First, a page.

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Labreck v. Rental

United States District Court, E.D. Michigan

March 30, 2015

PETER LABRECK, Plaintiff,
v.
AARON'S RENTAL, et al., Defendants.

REPORT AND RECOMMENDATION TO GRANT DEFENDANTS' MOTION TO DISMISS [39] AND DISMISS THIS ACTION WITH PREJUDICE

ELIZABETH A. STAFFORD, Magistrate Judge.

I. INTRODUCTION

Pro se Plaintiff Peter Labreck's Amended Complaint alleges Aaron's Rental and Ezra Lee[1] ("Defendants") violated his constitutional rights and the Consumer Credit Protection Act by denying his credit application based on race. [23]. The Honorable Laurie J. Michelson referred this action to the undersigned to resolve all pretrial matters pursuant to 28 U.S.C. § 636(b)(1)(A) and (B). Before the Court is Defendants' motion to dismiss. [39]. For the following reasons, the Court RECOMMENDS that Defendants' motion to dismiss [39] be GRANTED and that this action be DISMISSED WITH PREJUDICE.

II. DISCUSSION

When he brought this action, Labreck was a prisoner in the custody of the Michigan Department of Corrections. The Court informed him of his responsibility to notify the Court of any change in address, indicating that failing to do so may result in dismissal of his case. [ See 7]. Labreck notified the Court that his address changed twice throughout the proceedings. [ See 16, 31].

Recent attempts to serve Labreck have been unsuccessful. On January 7, 2015, the Court mailed him a notification that the case was reassigned from Magistrate Judge Paul J. Komives to the undersigned, but the mail was returned as undeliverable on January 20, 2015. [38]. On February 24, 2015, Defendants filed a motion to dismiss [39], and the Court entered an order requiring Labreck to respond [40]. The Court mailed the order to his last provided address [40], but it was returned as undeliverable - indicating that Labreck was paroled. [41]. Defendants attempted to serve Labreck with two separate Appearance of Counsel notices in mid-October [35, 36], but the mail was returned indicating that Labreck had been paroled. [39, Pg ID 140]. The MDOC website indicates that Labreck was discharged on January 7, 2015 and is not under active supervision. [39-2, Pg ID 155].

Defendants say the Court should dismiss this action pursuant to Federal Rule of Civil Procedure 41(b) based on Labreck's failure to prosecute and his failure to comply with the order requiring him to notify the Court of any change in address. [39, Pg ID 141]. Rule 41(b) provides:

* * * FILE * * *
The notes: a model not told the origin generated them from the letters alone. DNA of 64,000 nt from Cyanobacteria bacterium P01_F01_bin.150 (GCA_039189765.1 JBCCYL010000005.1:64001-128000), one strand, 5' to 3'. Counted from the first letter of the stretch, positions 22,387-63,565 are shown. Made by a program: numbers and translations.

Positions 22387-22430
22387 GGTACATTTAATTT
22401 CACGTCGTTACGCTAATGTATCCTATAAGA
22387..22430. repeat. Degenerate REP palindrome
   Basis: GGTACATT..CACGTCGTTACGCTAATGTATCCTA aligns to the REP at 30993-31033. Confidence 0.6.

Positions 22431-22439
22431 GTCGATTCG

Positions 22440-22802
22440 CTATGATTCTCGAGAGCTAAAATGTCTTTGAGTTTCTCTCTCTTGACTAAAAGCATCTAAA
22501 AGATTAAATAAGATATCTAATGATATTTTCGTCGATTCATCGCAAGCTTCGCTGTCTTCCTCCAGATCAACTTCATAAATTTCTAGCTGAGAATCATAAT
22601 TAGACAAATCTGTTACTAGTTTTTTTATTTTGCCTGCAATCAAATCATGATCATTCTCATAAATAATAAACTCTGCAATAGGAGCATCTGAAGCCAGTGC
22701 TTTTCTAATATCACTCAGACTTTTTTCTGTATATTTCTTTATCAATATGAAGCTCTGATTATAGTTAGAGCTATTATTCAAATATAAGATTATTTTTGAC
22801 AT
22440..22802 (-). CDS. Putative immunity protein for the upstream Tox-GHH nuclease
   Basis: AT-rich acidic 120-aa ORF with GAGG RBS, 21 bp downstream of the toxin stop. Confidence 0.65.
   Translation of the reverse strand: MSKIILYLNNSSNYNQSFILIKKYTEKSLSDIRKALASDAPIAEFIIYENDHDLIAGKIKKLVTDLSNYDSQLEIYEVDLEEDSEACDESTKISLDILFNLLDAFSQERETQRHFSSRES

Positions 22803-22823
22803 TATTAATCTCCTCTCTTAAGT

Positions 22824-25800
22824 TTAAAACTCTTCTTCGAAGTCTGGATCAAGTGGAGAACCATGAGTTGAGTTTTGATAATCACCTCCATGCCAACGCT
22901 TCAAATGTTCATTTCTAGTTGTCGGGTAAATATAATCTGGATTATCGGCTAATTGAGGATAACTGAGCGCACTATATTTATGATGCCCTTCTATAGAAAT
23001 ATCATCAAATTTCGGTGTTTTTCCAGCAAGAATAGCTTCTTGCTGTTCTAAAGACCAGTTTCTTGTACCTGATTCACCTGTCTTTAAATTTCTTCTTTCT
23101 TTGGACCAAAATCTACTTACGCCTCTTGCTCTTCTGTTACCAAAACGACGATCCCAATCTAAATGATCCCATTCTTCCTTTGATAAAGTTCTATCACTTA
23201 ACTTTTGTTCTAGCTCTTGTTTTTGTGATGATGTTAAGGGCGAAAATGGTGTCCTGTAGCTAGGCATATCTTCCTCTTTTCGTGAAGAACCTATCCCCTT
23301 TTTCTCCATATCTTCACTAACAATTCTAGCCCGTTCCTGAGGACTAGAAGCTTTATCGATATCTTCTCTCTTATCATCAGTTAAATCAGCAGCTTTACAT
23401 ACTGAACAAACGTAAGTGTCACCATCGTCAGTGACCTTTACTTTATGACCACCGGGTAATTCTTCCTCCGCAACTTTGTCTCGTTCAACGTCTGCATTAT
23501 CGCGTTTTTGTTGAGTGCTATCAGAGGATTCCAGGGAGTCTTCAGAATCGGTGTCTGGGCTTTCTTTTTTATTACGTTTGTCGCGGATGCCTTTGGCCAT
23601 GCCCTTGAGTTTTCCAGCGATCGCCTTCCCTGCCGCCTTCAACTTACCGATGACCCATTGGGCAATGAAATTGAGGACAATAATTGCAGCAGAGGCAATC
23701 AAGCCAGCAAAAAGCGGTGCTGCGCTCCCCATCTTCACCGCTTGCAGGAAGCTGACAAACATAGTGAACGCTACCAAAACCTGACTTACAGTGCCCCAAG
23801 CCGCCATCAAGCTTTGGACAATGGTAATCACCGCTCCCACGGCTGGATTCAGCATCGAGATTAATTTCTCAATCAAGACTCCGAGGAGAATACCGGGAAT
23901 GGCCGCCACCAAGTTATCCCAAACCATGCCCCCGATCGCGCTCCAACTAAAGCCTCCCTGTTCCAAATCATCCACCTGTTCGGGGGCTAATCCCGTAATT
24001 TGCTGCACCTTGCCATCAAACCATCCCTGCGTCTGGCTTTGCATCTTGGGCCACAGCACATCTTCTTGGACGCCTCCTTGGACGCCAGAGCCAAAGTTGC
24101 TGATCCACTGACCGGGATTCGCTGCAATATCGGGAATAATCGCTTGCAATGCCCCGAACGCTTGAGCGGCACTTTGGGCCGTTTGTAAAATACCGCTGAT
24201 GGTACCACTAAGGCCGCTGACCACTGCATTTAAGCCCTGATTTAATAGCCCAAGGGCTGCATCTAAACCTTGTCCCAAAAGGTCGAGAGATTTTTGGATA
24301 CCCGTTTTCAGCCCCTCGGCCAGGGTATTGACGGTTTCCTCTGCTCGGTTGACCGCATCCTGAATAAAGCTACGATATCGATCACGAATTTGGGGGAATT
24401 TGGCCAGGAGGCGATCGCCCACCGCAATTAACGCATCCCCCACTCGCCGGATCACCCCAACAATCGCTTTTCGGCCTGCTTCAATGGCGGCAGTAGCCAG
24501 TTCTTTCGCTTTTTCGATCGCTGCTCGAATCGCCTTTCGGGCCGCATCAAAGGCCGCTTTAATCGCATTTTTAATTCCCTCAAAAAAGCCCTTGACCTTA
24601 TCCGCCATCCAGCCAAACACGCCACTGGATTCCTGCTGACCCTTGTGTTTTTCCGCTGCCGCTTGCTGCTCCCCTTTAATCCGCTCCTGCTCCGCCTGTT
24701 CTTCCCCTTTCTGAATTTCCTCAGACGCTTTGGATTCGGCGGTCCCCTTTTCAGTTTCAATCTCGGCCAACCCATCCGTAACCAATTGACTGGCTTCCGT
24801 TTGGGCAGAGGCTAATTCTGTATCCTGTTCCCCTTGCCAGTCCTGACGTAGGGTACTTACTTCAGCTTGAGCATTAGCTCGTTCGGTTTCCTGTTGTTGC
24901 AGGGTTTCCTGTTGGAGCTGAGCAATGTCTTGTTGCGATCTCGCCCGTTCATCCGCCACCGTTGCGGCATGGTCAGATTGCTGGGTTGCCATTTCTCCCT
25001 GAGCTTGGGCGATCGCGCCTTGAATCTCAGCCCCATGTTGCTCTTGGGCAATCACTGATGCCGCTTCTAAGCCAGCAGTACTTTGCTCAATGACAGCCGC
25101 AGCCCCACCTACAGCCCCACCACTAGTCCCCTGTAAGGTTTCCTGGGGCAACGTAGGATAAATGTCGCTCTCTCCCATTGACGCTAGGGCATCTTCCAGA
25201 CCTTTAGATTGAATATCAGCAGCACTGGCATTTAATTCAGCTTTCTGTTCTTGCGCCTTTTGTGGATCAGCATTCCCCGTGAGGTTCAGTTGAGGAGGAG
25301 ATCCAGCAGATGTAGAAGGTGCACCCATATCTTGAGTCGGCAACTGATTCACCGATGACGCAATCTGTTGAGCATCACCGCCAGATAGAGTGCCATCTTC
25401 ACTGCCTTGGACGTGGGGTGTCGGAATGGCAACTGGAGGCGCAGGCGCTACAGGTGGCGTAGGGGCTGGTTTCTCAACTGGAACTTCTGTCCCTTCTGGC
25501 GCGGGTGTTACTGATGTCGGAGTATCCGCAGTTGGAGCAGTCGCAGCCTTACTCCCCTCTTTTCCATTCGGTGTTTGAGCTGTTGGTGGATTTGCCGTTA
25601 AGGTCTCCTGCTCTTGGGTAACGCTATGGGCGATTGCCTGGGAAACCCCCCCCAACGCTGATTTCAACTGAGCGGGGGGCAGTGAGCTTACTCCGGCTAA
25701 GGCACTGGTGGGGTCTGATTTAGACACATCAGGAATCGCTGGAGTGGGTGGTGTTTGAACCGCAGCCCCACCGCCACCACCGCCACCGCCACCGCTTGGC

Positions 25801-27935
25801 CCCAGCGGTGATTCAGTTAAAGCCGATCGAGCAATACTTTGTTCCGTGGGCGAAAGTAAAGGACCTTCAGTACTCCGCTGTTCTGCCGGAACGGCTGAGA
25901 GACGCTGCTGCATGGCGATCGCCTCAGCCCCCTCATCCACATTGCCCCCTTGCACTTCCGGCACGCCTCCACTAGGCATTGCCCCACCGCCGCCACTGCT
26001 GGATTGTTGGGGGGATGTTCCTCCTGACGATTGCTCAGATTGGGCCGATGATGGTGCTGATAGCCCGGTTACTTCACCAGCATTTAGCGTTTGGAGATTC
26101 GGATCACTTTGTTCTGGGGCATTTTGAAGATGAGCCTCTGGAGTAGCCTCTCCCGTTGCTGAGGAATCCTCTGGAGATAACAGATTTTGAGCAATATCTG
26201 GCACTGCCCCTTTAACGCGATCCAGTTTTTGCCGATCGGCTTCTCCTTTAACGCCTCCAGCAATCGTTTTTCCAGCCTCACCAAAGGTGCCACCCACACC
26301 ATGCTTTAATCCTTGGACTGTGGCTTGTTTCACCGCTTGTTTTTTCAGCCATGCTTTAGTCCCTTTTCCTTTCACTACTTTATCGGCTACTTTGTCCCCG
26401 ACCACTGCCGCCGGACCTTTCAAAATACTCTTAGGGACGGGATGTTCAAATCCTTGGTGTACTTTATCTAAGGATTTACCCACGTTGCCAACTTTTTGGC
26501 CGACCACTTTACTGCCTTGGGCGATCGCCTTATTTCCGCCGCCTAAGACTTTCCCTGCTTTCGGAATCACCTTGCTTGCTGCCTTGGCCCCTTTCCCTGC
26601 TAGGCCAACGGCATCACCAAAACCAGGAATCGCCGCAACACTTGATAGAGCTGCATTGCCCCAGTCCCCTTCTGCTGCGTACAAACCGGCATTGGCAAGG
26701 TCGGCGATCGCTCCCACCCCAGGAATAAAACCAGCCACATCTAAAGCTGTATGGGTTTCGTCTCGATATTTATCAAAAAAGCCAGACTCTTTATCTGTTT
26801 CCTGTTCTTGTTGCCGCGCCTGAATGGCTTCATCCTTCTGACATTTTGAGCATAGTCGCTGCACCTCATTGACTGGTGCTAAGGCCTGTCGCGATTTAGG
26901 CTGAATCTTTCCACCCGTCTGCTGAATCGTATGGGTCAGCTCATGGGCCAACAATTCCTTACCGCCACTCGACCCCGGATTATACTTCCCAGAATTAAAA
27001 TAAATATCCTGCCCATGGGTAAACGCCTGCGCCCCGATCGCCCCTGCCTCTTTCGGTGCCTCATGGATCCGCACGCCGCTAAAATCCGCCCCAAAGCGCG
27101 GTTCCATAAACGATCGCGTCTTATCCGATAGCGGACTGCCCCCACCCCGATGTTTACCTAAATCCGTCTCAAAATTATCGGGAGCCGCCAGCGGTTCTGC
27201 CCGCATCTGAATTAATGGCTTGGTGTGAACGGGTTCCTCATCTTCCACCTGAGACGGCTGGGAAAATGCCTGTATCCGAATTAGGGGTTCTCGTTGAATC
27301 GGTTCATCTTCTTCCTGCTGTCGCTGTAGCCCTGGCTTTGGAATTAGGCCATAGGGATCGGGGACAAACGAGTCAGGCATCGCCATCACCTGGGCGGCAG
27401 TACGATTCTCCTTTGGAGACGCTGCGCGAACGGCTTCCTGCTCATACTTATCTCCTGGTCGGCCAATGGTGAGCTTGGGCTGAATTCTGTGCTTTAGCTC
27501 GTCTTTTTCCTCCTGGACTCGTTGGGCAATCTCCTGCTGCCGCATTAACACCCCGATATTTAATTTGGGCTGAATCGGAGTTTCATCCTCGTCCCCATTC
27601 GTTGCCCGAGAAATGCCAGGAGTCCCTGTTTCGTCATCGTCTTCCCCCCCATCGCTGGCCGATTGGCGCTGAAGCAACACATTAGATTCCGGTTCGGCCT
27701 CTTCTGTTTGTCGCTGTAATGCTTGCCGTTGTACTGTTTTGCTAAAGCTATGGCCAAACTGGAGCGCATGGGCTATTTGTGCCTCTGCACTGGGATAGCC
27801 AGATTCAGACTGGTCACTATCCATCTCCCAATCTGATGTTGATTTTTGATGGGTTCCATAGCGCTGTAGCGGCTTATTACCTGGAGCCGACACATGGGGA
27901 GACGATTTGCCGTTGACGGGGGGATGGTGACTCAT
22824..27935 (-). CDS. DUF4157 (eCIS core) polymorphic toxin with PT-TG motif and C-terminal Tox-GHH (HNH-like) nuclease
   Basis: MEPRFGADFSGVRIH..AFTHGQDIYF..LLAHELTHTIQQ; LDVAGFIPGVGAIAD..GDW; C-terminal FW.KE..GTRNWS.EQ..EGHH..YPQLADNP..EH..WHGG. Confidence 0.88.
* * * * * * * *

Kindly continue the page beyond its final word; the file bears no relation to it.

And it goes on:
If the plaintiff fails to prosecute or to comply with these rules or a court order, a defendant may move to dismiss the action or any claim against it. Unless the dismissal order states otherwise, a dismissal under this subdivision (b) and any dismissal not under this rule-except one for lack of jurisdiction, improper venue, or failure to join a party under Rule 19- operates as an adjudication on the merits.

Fed. R. Civ. P. 41(b). It is well-settled that the Court has the inherent power to dismiss an action for failure to prosecute. See, e.g., Link v. Wabash R.R. Co., 370 U.S. 626, 629-30 (1962); Carter v. City of Memphis, Tenn., 636 F.2d 159, 161 (6th Cir. 1980). Further, a court is justified in dismissing for want of prosecution when a plaintiff has failed to provide notification of a change of address. White v. City of Grand Rapids, 34 F.App'x 210, 211 (6th Cir. 2002).

Here, Labreck was paroled, but he has not notified the Court of his new address. It appears that Labreck abandoned this action; he has not filed anything since July 2014, nor has he attempted to contact the Court or Defendants' counsel. Thus, the Court finds it appropriate to dismiss this action for failure to prosecute. Additionally, since Labreck received prior notice that his failure to notify the Court of an address change may result in dismissal, the Court recommends that the dismissal be with prejudice. Schafer v. City of Defiance Police Dep't, 529 F.3d 731, 738 (6th Cir. 2008) (prior notice is key consideration for dismissal for failure to prosecute).

III. CONCLUSION

For the foregoing reasons, the Court RECOMMENDS that Defendants' motion to dismiss [39] be GRANTED and that this action be DISMISSED WITH PREJUDICE.

NOTICE TO THE PARTIES REGARDING OBJECTIONS

Either party to this action may object to and seek review of this Report and Recommendation, but must act within fourteen days of service of a copy hereof as provided for in 28 U.S.C. § 636(b)(1) and Fed.R.Civ.P. 72(b)(2). Failure to file specific objections constitutes a waiver of any further right of appeal. Thomas v. Arn, 474 U.S. 140 (1985); Howard v. Secretary of HHS, 932 F.2d 505 (6th Cir. 1991) ; United States v. Walters, 638 F.2d 947 (6th Cir. 1981). Filing objections which raise some issues but fail to raise others with specificity will not preserve all objections that party might have to this Report and Recommendation. Willis v. Secretary of HHS, 931 F.2d 390, 401 (6th Cir. 1991); Smith v. Detroit Fed'n of Teachers Local 231, 829 F.2d 1370, 1373 (6th Cir. 1987). A copy of any objection must be served upon this Magistrate Judge. E.D. Mich. LR 72.1(d)(2).

Each objection must be labeled as "Objection #1, " "Objection #2, " etc., and must specify precisely the provision of this Report and Recommendation to which it pertains. Not later than fourteen days after service of objections, the non-objecting party must file a response to the objections, specifically addressing each issue raised in the objections in the same order and labeled as "Response to Objection #1, " "Response to Objection #2, " etc. The response must be concise and proportionate in length and complexity to the objections, but there is otherwise no page limitation.


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